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Communication

Sacha Inchi (Plukenetia volubilis L.) Is an Underutilized Crop with a Great Potential

Department of Plant and Environmental Sciences, University of Copenhagen, DK-1871 Frederiksberg, Denmark
*
Author to whom correspondence should be addressed.
Academic Editor: Othmane Merah
Agronomy 2021, 11(6), 1066; https://doi.org/10.3390/agronomy11061066
Received: 29 April 2021 / Revised: 20 May 2021 / Accepted: 21 May 2021 / Published: 25 May 2021
(This article belongs to the Special Issue Using Our Agrobiodiversity: Plant-Based Solutions to Feed the World)

Abstract

Plukenetia volubilis (Euphorbiaceae) is an underutilized oilseed crop native to the Amazon basin, where it has been utilized by humans since Incan times. The large seeds contain approximately 45–50% lipid, of which approximately 35.2–50.8% is α-linolenic acid (C18:3 n-3, ω-3) and approximately 33.4–41.0% is linoleic acid (C18:2 n-6, ω-6), the two essential fatty acids required by humans. The seeds also contain 22–30% protein and have antioxidant properties. Due to its excellent nutritional composition and good agronomic properties, it has attracted increasing attention in recent years, and cultivation is expanding. When considering current global challenges, a reformation of our food systems is imperative in order to ensure food security, mitigation of climate change, and alleviation of malnutrition. For this purpose, underutilized crops may be essential tools which can provide agricultural hardiness, a reduced need for external inputs, climate resilience, diet diversification, and improved income opportunities for smallholders. Plukenetia volubilis is a promising up and coming crop in this regard and has considerable potential for further domestication; it has an exceptional oil composition, good sensory acceptability, is well suited for cultivation, and has numerous potential applications in, e.g., gastronomy, medicine, and cosmetics.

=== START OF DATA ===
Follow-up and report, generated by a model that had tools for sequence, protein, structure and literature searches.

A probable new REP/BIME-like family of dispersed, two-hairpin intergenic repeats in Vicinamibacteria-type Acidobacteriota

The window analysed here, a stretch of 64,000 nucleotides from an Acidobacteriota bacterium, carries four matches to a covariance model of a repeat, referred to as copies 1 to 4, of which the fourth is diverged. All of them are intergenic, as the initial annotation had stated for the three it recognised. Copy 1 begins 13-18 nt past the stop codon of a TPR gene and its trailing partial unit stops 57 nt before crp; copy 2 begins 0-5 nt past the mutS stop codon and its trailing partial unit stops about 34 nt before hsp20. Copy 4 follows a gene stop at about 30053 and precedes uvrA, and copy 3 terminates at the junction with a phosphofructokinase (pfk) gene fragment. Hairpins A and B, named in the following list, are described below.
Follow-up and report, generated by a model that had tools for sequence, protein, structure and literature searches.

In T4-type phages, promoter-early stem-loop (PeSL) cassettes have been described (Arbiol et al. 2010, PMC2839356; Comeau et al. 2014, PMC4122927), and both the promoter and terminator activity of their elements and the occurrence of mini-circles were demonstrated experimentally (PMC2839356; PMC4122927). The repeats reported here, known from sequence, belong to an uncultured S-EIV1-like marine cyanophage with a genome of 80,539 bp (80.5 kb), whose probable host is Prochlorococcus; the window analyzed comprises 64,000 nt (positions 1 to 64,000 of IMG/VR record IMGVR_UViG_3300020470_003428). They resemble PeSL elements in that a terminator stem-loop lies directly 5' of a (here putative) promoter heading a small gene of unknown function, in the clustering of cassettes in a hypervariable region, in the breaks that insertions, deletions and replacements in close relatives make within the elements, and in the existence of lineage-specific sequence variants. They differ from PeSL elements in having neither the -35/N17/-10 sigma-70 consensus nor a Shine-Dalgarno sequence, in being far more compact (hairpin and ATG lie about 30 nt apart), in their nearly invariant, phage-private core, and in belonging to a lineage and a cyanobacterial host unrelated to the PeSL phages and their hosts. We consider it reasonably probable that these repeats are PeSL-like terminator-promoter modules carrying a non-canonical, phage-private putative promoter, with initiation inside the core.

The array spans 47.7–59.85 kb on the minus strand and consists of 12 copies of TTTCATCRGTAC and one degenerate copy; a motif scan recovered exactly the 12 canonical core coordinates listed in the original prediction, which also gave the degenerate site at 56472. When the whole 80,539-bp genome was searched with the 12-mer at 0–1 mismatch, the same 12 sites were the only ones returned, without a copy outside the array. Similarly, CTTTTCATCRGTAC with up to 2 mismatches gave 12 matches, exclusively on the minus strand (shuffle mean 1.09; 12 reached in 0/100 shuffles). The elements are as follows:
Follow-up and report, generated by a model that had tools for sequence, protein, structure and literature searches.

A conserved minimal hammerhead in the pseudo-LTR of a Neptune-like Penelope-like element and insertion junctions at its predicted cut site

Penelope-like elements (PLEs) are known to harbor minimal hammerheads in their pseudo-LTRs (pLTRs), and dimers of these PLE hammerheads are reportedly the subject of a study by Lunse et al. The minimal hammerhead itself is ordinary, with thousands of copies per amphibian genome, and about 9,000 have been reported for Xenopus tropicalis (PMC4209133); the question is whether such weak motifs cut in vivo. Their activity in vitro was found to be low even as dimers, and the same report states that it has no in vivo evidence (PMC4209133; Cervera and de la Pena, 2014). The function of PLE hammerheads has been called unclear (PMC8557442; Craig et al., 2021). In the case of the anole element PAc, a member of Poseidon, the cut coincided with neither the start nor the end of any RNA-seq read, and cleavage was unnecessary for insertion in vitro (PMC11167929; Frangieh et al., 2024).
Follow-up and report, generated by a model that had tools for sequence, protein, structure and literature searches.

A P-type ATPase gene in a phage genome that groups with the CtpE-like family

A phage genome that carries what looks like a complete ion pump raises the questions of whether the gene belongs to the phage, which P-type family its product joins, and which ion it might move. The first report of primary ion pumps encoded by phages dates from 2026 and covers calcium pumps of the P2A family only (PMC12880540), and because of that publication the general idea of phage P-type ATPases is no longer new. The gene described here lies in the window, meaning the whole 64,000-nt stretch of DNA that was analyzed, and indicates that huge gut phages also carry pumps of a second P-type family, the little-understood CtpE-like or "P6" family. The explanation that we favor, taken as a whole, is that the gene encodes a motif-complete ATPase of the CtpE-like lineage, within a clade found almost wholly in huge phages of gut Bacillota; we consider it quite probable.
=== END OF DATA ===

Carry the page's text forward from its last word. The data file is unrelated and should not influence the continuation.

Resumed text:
Keywords: orphan crops; polyunsaturated fatty acids; α-linolenic acid; food security; traditional crops; oilseeds orphan crops; polyunsaturated fatty acids; α-linolenic acid; food security; traditional crops; oilseeds

1. Introduction to Plukenetia volubilis

1.1. Morphology, Phylogeny and Distribution

Plukenetia volubilis is a perennial liana with large, oleaginous seeds. The plants are monecious, the leaves are triangular to ovate with a truncate to cordate base, palmate venation and basilaminar glands, usually with a small knob between them. The racemose inflorescence is axillary or terminal with one to two pistillate flowers situated basally and numerous small, inconspicuous, staminate flowers in condensed cymes situated above. The winged ovary has four carpels, and the style column is elongate and cylindrical, four-lobed at the apex. During fruit maturation, the ovary develops from green and fleshy to brown, woody, and dehiscent. The seeds are lenticular, approximately 1.8 × 0.8 × 1.6 cm in size, and the testa is hard and brown, with dark brown markings (Figure 1). In cultivation, the fruit is often larger and is five- or six-carpellate [1,2]. The genus Plukenetia L. (Euphorbiaceae) comprises 25 species, several of which have only recently been described. Circumscription of the genus has undergone several changes during the last four centuries, but the classification was recently revised by Cardinal-McTeague and Gillespie [3]. Plukenetia belongs to tribe Plukenetieae, subtribe Plukenetiinae, and is distinguished by four-carpellate ovaries and the presence of two extrafloral nectaries situated basally on the adaxial surface of the leaf blade. The genus is divided into two major clades: the pinnately veined clade, with one primary vein, and the palmately veined clade, including P. volubilis, with three to five primary veins [3].
Plukenetia volubilis is distributed widely in South America and the Lesser Antilles; it is found in the northern and western parts of the Amazon Basin in Surinam, Venezuela, Colombia, Ecuador, Peru, Bolivia, and Brazil [2]. The most common ecological niche for P. volubilis is moist to wet lowland forest, but the species complex also comprises two morphologically differing groups: an open savannah species group and a mid-elevation species group. The open savannah group generally has thicker leaf blades and smaller seeds and fruits, while the mid-elevation group has narrower leaf blades and differing leaf base morphology compared with typical P. volubilis. However, further studies are needed to define species group boundaries better and assess whether the definition of a new, additional species from within the complex is warranted [3].